Don’t think of this as a stripped back EP (because as I said, it’s not that stripped back!) but more of a different direction for the band and then it makes perfect sense.

The reworks of ‘Criminal’ and ‘Dead & Gone’ will make for interesting listening for existing fans. ‘Criminal’ has a country feel which takes the track in a welcome direction away from it’s Pop-Punk beginnings without completely losing the feel of the track. It works surprisingly well even for a track that sounds so different in its original form. As for ‘Dead & Gone’ it comes across as a completely different track. It’s now a slow paced, laid back ballad and it really works with the existing lyrics. State Champs are great at running emotional charged lyrics in upbeat tracks as the original of this track did, so the switch to an acoustic ballad was only natural. Again though it’s not a quick easy, through the chords in and hope for the best. The acoustic nature of the track is well thought through.

There is one smudge on an otherwise perfect window pane of an EP, in that it’s not all that ‘unplugged’. There is still a lot going on instrumentally on many of these tracks. ‘10am’ and ‘Criminal’ are still using a full band although granted the acoustic guitar takes the bulk of the work. It might sound like a small issue until you hear the second half of ‘A Thousand Hearts’ which breaks into full band for its middle eight along with a saxophone solo?!? As a sax player myself I should be delighted but I just don’t think it fits on this ‘unplugged’ record. It sounds like an 80s pop track but not in a good way (think George Michael – Careless Whisper). The band clearly want to show their great range of influences, but it just stands out too much on a record like this. It’s the only thing really on an otherwise awesome EP.

Sometimes a band can drop an acoustic release and it’s just so flat. It can expose vocal weaknesses and uninspired, lazy musicianship. But for State Champs it just highlights their songwriting prowess and a keen ear for how to craft some great songs. Don’t think of this as a stripped back EP (because as I said, it’s not that stripped back!) but more of a different direction for the band and then it makes perfect sense. The band said they wanted to get back to their roots with just hanging out and writing songs on acoustic guitars and having fun and this EP perfectly shows how that is the process for writing great songs. Released on Pure Noise Records 14th August 2020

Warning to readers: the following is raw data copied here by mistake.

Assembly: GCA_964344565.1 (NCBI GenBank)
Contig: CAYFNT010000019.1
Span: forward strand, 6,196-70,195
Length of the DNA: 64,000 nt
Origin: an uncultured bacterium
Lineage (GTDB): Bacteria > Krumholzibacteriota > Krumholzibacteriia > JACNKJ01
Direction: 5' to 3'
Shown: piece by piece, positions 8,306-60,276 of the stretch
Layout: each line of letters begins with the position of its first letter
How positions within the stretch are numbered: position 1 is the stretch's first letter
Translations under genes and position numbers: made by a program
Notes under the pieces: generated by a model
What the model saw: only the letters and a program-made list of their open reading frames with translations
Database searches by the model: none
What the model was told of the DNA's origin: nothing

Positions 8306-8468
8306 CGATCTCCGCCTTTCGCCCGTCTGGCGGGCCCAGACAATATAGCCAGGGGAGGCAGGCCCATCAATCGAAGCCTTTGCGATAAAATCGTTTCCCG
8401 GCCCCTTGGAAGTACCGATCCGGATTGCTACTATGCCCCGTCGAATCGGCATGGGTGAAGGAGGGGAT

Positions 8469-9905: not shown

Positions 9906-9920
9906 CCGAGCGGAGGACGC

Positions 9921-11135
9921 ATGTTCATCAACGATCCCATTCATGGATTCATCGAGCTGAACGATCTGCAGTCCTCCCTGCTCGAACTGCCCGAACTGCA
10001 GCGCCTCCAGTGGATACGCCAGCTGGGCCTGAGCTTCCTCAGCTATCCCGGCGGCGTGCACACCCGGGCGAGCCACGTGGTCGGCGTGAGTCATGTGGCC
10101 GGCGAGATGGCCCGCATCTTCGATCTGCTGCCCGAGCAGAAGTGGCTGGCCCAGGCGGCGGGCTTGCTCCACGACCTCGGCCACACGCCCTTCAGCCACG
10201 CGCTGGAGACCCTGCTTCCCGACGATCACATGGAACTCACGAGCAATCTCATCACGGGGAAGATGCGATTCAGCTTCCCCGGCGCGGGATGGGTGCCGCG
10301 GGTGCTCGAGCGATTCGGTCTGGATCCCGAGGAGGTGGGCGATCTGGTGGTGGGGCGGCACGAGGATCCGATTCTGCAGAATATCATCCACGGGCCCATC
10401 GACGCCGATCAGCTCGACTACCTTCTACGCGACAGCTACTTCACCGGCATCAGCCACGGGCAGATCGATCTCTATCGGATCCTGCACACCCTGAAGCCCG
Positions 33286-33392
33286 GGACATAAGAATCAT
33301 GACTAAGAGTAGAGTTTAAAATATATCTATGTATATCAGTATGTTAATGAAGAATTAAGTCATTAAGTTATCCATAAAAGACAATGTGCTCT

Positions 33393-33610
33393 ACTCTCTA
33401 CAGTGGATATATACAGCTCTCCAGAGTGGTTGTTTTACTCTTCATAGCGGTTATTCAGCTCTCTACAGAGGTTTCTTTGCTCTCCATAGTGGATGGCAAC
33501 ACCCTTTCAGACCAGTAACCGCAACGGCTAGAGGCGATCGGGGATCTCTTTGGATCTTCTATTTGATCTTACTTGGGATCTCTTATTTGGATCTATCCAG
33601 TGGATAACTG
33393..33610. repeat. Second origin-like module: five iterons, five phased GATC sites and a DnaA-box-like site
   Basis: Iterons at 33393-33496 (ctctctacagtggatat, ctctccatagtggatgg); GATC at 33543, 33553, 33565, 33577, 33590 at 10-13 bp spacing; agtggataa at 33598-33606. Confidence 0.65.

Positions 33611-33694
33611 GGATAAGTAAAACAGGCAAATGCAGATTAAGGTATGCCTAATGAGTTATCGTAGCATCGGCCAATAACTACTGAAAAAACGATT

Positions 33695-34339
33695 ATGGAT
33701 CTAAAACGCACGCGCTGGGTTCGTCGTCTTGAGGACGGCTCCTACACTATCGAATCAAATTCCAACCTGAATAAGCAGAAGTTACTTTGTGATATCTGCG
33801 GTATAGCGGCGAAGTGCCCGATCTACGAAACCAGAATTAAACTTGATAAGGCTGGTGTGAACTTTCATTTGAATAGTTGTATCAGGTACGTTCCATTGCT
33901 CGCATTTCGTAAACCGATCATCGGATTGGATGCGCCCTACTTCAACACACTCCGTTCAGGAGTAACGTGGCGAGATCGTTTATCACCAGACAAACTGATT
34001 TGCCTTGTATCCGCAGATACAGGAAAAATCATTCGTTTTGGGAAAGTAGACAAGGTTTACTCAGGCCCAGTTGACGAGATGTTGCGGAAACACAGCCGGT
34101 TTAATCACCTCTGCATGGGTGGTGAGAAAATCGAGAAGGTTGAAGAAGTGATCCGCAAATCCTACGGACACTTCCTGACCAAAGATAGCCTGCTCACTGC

Rating
4


‘Unplugged’ is out now and can be downloaded from iTunes – https://music.apple.com/gb/album/unplugged-ep/1514347756



We hope you’ve enjoyed our review! What do you think of the band’s latest, acoustic EP? Are you as much of a fan as us? What would you rate it out of 5? Please leave your thoughts in a comment or via our social media.


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Rob Manhire
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#WildCardWednesday: Chiefs of Eden – ‘Feed’

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Over the last year or so I’ve had many conversations with friends and fellow musicians over a worrying lack of younger audiences and bands coming through our local scenes. It’s not non-existent but compared to what I remember growing up, there just isn’t the same feel for shows. Friday nights were solely a time of going to see your friend’s band from school supporting older artists at what ever local space could be hired out for cheap, and if it had a bar, it was a bonus. Sure, some of the bands were crap, but it didn’t matter because occasionally there were some gems that went on to do some great things.

This brings me on to my wild card for this Wednesday, Chiefs of Eden. They are a young metal band from Kent, UK, that I have been following for a while mostly through proxy of a colleague at work. For some reason they just caught my attention and reminded me of times past where we would give the time of day (or night) to young local bands striving just to be heard.

Anyway before I take myself down a very long and old nostalgic road (lockdown’s got me doing that a lot lately!), lets talk about ‘Feed’. This is the debut release for Chiefs of Eden and is the work of a reformation of the band after a break of a year to try and hone their sound. They claim influences from a lot of mid-2000s metallers such as Trivium, Gorjira and Lamb of God. Those influences really shine through the track. It follow that great sequence of trudging verses leading into the sweet relief of melodic metal chorus. The chorus itself is the highlight of the track, a good hook which gets lodged in your brain. The verses are a real mix of nu metal riffing similar to old 36 Crazyfists and the dirtiest vocals of death metal. Perhaps it’s too dirty, perhaps I’m too innocent? I’ve never been a fan of the heavily tracked, multi-tone screams, but the right audience will appreciate it.

I would say that the track lacks ambition in its structure. It’s calling out for a raging guitar solo or something to lift it out of the breakdown before the final chorus. Without it, it feels like it falls a little flat towards the end and you can loose your interest.

For a first release, for a young band, it’s good. There is clearly talent here and as they continue to write together and draw on more influences the small issues will iron themselves out. It’s worth your time just to realise that there are very young bands out there with embers of something worthwhile.